When most people think of strength training, they imagine an arsenal of training equipment: dumbbells, barbells, cables, machines…the works. But what if, to increase your strength and fitness, all you needed was your own body? According to a recent article in the Washington Post, some fitness instructors enthusiastically endorse bodyweight exercises, which involve no equipment at all (such as push-ups or pull-ups), or utilize a minimal amount of equipment (like TRX suspension bands or Bosu balls). Putting aside the convenience and low cost of bodyweight exercises, there could be some fitness advantages as well: using your body to strength train promotes an integrated use of multiple muscles, and challenges your balance and coordination to a greater extent. Bodyweight training is also flexible—there are ways to make it less demanding (such as doing push-ups against a wall) for people who are just starting out or who have particular needs, or more demanding (such as clapping between each push-up) for people who are more advanced.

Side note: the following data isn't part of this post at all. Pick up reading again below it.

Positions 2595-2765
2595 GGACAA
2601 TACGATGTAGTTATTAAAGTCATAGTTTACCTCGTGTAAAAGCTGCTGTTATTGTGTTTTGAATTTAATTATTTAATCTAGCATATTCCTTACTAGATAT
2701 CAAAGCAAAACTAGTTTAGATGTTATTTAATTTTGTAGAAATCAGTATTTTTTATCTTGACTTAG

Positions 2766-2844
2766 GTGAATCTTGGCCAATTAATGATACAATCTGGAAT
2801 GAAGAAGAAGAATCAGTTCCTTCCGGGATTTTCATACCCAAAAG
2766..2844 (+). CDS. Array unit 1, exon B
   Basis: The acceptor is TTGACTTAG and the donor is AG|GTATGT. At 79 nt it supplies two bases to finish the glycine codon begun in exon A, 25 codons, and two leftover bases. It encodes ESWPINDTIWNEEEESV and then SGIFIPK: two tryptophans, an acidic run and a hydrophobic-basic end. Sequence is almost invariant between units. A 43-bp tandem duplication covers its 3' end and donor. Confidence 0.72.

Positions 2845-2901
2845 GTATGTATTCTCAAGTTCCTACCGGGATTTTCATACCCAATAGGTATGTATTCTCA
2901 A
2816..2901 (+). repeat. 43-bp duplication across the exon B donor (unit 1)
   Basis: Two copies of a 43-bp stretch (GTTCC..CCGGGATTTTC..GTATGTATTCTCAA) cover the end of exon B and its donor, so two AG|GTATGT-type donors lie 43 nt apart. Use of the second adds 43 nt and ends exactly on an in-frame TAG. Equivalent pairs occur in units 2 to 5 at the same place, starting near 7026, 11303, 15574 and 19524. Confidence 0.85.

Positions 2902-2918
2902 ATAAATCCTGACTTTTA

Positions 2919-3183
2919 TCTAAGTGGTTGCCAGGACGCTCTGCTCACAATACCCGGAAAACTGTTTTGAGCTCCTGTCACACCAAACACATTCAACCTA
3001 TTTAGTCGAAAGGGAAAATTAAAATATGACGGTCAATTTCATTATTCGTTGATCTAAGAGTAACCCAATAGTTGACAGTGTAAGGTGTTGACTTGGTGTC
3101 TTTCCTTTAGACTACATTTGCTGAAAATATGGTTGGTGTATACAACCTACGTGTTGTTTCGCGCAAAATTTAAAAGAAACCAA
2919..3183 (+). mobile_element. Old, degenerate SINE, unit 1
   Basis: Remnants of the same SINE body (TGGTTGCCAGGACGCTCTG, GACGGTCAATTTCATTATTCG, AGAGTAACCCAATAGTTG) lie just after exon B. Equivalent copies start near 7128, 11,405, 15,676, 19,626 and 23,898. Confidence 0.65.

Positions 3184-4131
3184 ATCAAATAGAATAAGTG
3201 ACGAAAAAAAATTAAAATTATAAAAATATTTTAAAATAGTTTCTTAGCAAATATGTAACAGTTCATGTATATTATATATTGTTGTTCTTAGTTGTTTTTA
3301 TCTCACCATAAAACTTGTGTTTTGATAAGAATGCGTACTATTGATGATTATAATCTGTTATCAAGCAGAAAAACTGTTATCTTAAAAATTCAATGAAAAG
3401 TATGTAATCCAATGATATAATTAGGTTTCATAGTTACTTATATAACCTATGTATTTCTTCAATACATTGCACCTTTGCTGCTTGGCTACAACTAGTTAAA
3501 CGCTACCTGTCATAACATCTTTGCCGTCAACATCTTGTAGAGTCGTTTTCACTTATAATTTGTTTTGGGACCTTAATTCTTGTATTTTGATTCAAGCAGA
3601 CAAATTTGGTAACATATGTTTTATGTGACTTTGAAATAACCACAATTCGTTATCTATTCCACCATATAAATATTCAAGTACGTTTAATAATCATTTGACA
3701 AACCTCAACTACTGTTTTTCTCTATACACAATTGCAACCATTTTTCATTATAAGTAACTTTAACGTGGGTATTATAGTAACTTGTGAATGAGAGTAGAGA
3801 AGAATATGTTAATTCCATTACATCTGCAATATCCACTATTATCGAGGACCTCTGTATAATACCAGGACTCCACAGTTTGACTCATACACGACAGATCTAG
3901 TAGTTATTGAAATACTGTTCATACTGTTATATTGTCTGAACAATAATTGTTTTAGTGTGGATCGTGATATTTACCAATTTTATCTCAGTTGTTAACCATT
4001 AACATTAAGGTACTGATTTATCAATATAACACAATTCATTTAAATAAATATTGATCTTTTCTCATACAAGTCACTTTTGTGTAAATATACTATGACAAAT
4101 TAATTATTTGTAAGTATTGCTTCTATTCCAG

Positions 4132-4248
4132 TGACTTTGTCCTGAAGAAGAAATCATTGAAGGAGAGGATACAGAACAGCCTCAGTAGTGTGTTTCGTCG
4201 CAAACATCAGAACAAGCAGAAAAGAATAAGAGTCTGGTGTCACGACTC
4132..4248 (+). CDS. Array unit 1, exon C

However, if you are looking to target specific muscles and give them a pronounced look, bodyweight training may not be the way to go. Also, always be sure to consult a fitness instructor or other healthcare professional before starting a bodyweight or other strength training regimen.
Source: Washington Post